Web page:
When treating chronic pain, narcotic opioids may be considered if pain cannot be otherwise controlled. Although these medications can be dangerous and addicting, they can also be effective when used appropriately. An opioid is a chemical substance that has a morphine-like action in the body. All of the opioids have similar clinical effects that vary from one another in potency, speed on onset, and duration of action. Both short-acting and long-acting formulations are available, as some opioids are used around-the-clock while others are used as needed for breakthrough pain. One common mistake when treating chronic pain with opioid medications is using the short acting types of medication (e.g. Percocet, Morphine, Vicodin, etc.). While these medications are useful for acute pain, they are also associated with sedating and euphoric side effects.
The short acting nature of these medications encourages overuse and the development of tolerance. Long-acting opioids may have fewer cognitive side effects and better control of chronic pain. Although no adequate long-term studies have shown their effectiveness in the treatment of chronic nonmalignant pain, and they are not approved for this use, they are often used for this type of pain management. Side effects may include GI upset, nausea, disturbed sleep, constipation, and addiction. Studies show about 5-15% of chronic pain patients using narcotic pain medications develop dependence.
Considerable debate exists about the use of opioids for treatment of chronic pain of non-cancer origin. Many physicians feel that opioids can play an important role in the treatment of all types of chronic pain, including non-cancer pain. Others caution against the widespread use of opioids noting problems with tolerance, loss of benefit with time, and escalating usage with decreasing function in many individuals. The use of opioids (or for that matter any treatment) makes sense when the benefits outweigh the risks and negative side effects. Benefit is suggested when there is a significant increase in the person’s level of functioning, when there is a reduction or elimination of pain complaints, when there is a more positive hopeful attitude and when side effects are minimal or controllable. The dilemma with the long term use of opioids is that while there is a role for opioids in chronic, non-cancer pain, it is well known that prolonged use of opioids may result in problems including tolerance, hyperalgesia (abnormal pain sensitivity), hormonal effects (decreased testosterone levels, decreased libido and sex drive, irregular menses), depression, and suppression of the immune system.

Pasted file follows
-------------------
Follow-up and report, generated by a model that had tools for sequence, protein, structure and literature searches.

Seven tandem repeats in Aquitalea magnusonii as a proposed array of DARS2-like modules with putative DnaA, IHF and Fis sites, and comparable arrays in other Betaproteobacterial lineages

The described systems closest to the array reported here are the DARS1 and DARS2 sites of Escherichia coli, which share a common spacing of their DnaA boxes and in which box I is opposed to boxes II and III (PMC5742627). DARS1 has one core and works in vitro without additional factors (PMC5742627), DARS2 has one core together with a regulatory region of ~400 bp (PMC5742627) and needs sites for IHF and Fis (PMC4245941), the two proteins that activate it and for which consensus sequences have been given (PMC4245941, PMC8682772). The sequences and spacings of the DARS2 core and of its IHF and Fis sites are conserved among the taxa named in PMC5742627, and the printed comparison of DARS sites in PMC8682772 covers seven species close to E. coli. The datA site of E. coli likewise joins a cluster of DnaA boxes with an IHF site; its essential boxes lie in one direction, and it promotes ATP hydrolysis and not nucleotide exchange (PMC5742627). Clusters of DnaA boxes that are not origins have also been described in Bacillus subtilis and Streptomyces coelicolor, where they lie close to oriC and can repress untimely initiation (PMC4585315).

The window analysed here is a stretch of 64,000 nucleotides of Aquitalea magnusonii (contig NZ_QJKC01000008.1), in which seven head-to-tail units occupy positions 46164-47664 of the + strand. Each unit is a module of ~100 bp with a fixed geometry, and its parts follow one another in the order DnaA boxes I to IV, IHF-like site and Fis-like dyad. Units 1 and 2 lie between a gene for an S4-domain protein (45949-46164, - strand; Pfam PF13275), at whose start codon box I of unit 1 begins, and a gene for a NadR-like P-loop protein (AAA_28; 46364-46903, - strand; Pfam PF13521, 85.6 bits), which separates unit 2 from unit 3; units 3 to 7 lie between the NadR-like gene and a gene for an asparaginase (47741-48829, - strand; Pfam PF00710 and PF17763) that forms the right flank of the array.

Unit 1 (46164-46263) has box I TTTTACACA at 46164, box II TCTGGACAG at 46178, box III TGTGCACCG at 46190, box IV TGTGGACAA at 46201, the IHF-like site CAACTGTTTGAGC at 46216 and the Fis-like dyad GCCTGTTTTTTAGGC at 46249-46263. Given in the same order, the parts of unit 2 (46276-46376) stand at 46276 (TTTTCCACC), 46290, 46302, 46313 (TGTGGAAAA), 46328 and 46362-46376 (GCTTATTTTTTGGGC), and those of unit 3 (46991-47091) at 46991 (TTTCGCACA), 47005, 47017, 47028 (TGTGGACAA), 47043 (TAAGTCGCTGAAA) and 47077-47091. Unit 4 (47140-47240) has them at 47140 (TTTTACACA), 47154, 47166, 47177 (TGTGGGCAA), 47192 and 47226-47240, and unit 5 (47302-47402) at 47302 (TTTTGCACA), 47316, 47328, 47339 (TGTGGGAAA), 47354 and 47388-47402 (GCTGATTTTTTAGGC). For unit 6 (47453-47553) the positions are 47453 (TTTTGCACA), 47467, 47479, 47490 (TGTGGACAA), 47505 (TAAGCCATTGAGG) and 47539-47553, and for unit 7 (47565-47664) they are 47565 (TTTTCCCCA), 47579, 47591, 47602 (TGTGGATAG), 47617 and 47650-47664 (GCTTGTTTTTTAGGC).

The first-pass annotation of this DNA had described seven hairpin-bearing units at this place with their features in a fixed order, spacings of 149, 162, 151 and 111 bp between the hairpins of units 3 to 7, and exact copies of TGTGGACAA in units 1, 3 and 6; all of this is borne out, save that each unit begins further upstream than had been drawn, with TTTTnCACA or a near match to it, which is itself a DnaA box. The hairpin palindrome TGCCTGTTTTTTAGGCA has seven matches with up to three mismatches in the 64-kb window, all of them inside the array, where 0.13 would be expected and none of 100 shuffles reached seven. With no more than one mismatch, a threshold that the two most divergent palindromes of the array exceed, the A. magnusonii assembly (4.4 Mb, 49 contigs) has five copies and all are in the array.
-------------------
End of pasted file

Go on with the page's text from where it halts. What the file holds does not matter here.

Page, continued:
While opioid treatment may be prescribed to reduce pain and improve function, the treatment may actually result at times in just the opposite. At South Bay Pain Docs we can discuss the pros and cons with you and help you decide if Opoids are right for you.
Neuropathic pain is associated with injury to the nerve. Often this type of pain is characterized by burning sensations, increased sensitivity or shooting sensations over the affected area. Patients often describe this type of pain as severe, sharp, lancinating, lightening-like, stabbing, burning, numbness, tingling, and/or weakness. It is important to understand neuropathic pain because it has very different treatment options from other types of pain. Remedies for nociceptive pain, such as NSAIDs and opioids, do not work as well for neuropathic pain, which is only marginally affected by opioids and anti-inflammatories. Neuropathic pain seems to respond best to the membrane-stabilizing medications: anticonvulsants and antidepressants. These medications act by blocking the brain’s neurotransmitters. The antidepressant medications also have beneficial effects of improved mood, decreased anxiety, and improved sleep cycle. These medications are not addictive, and when appropriately managed have few side effects.